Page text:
Organizations Waiting to See About Embedded Systems
The issue of embedded systems has long been recognized as one of the potentially dangerous aspects of Y2K, and one that deserves careful attention on the part of project teams. In some cases, the user interface does not make it easy, or even possible, to display what date information is being maintained internally. In many cases, it may be difficult for the end user to modify the date being maintained internally. Meanwhile, documentation about the internal behavior of the embedded system may be missing or nonexistent; the vendor may be having internal problems; and there may not be any tools available to readily manipulate the internal behavior of the system. With all of these difficulties, how are organizations actually going about the process of determining whether their embedded systems are compliant?
The answer was found in a recent Cutter Consortium survey: Less than half of the organizations have been able to "roll over" the embedded system’s date to observe its behavior in a post-Y2K timeframe. Roughly two-thirds are relying on information from the manufacturer of the embedded system, even though the caveats and qualifications associated with such information often raise serious questions about the credibility and usefulness of the information.
Meanwhile, some 6 percent of the organizations say they simply have not determined the vulnerability of their embedded systems, and 23 percent feel that the embedded systems’ are associated with nonessential (or non-mission-critical) systems. But the majority, nearly 94 percent of organizations, are willing to wait and see what happens to their embedded systems after December 31, 1999. This implies that -- notwithstanding whatever testing they may have done, and whatever reassurances they may have received from the vendor -- the majority of organizations are willing to follow some form of "fix on failure" if they do encounter embedded system problems.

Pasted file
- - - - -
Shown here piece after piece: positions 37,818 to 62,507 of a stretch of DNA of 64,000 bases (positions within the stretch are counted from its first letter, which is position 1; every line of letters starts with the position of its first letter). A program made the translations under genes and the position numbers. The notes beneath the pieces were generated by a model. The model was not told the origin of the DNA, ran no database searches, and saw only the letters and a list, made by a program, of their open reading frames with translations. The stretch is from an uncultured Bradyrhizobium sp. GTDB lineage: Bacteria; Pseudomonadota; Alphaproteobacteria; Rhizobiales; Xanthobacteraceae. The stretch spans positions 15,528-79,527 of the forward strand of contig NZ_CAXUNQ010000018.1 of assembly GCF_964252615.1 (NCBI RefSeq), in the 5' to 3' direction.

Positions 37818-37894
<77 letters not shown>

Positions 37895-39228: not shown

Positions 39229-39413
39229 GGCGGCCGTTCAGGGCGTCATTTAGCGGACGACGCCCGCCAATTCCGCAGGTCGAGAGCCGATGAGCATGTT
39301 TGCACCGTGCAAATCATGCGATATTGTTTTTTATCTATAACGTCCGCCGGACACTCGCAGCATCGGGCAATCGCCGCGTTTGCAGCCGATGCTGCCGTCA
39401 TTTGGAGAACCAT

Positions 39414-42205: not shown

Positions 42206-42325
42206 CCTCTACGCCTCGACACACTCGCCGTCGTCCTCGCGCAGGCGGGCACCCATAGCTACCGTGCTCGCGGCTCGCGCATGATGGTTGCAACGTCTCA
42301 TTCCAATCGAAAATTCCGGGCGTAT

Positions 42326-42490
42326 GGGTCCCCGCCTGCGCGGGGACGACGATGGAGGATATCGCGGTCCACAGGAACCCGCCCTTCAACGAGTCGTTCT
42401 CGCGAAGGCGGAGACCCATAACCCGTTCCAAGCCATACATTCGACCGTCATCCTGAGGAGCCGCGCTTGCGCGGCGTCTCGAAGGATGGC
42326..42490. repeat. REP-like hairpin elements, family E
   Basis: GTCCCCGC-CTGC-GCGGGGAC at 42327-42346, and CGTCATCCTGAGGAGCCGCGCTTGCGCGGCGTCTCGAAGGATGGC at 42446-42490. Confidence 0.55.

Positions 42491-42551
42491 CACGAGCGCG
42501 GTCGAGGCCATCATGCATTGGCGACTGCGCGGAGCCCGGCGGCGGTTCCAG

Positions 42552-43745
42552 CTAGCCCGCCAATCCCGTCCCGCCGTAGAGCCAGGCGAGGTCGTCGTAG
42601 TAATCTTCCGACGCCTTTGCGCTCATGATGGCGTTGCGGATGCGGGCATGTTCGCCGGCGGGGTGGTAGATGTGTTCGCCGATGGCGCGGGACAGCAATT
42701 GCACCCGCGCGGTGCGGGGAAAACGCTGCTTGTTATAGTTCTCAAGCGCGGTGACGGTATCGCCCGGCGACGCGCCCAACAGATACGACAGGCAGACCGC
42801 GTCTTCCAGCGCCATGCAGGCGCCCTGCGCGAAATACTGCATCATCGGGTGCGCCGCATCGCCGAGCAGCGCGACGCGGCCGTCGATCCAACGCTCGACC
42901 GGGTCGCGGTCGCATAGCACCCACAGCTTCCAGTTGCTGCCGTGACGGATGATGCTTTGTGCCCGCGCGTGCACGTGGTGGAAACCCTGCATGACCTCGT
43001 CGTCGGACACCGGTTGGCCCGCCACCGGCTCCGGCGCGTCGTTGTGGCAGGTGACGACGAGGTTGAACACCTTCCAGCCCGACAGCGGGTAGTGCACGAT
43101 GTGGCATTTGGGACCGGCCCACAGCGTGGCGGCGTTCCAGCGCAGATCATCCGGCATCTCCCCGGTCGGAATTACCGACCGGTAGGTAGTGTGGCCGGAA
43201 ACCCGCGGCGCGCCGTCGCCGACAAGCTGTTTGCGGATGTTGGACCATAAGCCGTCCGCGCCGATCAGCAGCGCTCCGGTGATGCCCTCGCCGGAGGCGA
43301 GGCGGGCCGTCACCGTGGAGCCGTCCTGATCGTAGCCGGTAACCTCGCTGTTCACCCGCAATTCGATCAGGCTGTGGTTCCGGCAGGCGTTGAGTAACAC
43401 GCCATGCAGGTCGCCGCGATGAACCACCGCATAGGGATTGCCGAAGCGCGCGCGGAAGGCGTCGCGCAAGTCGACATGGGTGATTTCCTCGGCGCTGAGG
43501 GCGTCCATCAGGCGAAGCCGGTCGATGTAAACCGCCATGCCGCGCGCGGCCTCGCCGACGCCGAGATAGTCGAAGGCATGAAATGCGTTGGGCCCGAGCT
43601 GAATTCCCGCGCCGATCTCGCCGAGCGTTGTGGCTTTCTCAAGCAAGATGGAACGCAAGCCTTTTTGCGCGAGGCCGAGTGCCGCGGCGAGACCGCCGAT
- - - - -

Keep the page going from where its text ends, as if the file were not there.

Says Ed Yourdon, Cutter Consortium Chairman, "In the best of all worlds, the vendor-supplied information about embedded systems will prove to be accurate, and the problems encountered on or after January 1, 2000 will prove to be minor and easily repaired. But such an outlook has to be based on a certain degree of optimistic faith, and one of the key outcomes of the entire Y2K phenomenon will be the discovery of whether that faith was justified."